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Summary: The apostle believed that there were certain subjects and doctrines in which they needed further guidance and instruction. Chief among these was the misunderstanding that had arisen concerning the second coming of the Lord Jesus.

7/8/18

Tom Lowe

Lesson 10: To Abstain From Sexual Immorality (1Thessalonians 4:3-8)

Scripture: 1 Thessalonians 4:3-8 (NIV)

3 It is God’s will that you should be sanctified: that you should avoid sexual immorality; 4 that each of you should learn to control your own body in a way that is holy and honorable, 5 not in passionate lust like the pagans, who do not know God; 6 and that in this matter no one should wrong or take advantage of a brother or sister .The Lord will punish all those who commit such sins, as we told you and warned you before. 7 For God did not call us to be impure, but to live a holy life. 8 Therefore, anyone who rejects this instruction does not reject a human being but God, the very God who gives you his Holy Spirit.

Lesson 10

Introduction

Paul now proceeds to deal with what is lacking in their faith (3:10). In Lesson 9 we established that Paul encouraged the Thessalonian believers to deal with what is lacking in their faith. The encouragement he offered was not haphazard, and it appears from 5:14{1] that he had three groups chiefly in mind:

1) The weak who were tempted to indulge in impurity (4:3-8).

2) The idlers who were the most disturbing element in the church (4:9-12; 5:12, 13).

3) The faint-hearted who were anxious both about their dead (4:13-18: the only distinctly new teaching in the Epistle), and about their own salvation (5:1-11).

The apostle believed that there were certain subjects and doctrines in which they needed further guidance and instruction. Chief among these was the misunderstanding that had arisen concerning the second coming of the Lord Jesus (1 Thessalonians 4:13; 5:11); but before Paul dealt with that subject there were a few things he wished to say to them about morals and their conduct toward each other?Lesson 10.

No sin caused more chaos for Greek and Roman cultures than abuse of sex. Thessalonica was a lot like many 21st-century communities and cities. They had no restraints on sexual immorality. In individuals or societies, sexual impurity eventually leads to pain, loss, misery, and social decay.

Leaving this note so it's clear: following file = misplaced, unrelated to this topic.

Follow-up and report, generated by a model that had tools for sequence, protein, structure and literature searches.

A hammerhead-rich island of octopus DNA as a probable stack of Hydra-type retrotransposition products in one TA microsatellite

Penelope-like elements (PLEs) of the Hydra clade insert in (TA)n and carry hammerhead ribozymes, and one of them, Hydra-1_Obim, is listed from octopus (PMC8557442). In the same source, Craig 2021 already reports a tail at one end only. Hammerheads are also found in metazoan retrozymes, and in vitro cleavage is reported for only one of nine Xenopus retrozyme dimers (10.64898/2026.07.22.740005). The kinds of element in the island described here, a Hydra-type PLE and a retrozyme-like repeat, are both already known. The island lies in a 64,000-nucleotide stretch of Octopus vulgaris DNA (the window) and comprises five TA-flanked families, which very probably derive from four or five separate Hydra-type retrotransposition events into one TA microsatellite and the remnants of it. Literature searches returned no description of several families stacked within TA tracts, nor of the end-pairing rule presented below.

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[1} “And we urge you, brothers and sisters, warn those who are idle and disruptive, encourage the disheartened, help the weak, be patient with everyone.” (1 Thessalonians 5:14)

Scripture: 1 Thessalonians 4:3-8 (NIV)

3 It is God’s will that you should be sanctified: that you should avoid sexual immorality;

It is God’s will that you should be sanctified{2]:

Paul is not advocating his own ideas; he is enforcing God’s will. This is not the will of God in its entirety, but God’s will specifically as it relates to sexual purity. Sanctification{2] is both a gift and a demand. It is a gift in that believers are objectively holy in Christ (1 Corinthians 1:30); it is a demand in that it is the will of God that they should become subjectively transformed into Christ’s likeness (2 Corinthians 3:18). And the necessities such a demand involves “the separation of the spirit from all that is impure and polluting and the renunciation of the sins toward which the desires of the flesh and of the mind lead us.”

Sanctification{2] of the believer is a work of the Spirit of God. We need to review the threefold aspect of it, because this is so very important:

1) Positional sanctification means that Christ has been made unto us sanctification.

2) Practical sanctification is the Holy Spirit working in our lives to produce holiness in our walk.

3) Total sanctification will occur in the future when we are conformed to the image of Christ Jesus.

The meaning of the word sanctification is “to be set apart for God.” The moment a lost sinner comes to Christ and accepts Christ as Savior, that person is set aside for God’s use. Sanctification is synonymous with consecration, full dedication, and entire devotion to God. Sanctification is the act of making holy, or the state of one who is made holy in the Lord Jesus. But we are told in Hebrews 12:14, “Follow peace with all men, and holiness, without which no man shall see the Lord.”

“Holy” defines the character of God, the Holy One of Israel. The only holiness you and I possess as believers is the holiness of God in Christ. “Christ is made unto us wisdom, righteousness, sanctification and redemption” (1 Corinthians 1:28-30). “Ye are complete in Him” (Colossians 2:10). Our holiness is in Christ: “There is therefore now no condemnation to them which are in Christ Jesus” (Romans 8:1).

God has a right to command our sanctification—our complete surrender and entire devotion. We should be completely set apart and dedicated to Him—soul, spirit and body—in every phase of life. When we are born again we are sanctified positionally; we are translated into the kingdom of God’s dear Son (Colossians 1:13); but sanctification is progressive and involves our assimilation of God’s divine nature. It was probably progressive sanctification that Paul had in mind here; the process by which his readers were conformed to the image of Christ in daily experiences by proper response to the Word and the Spirit of God.

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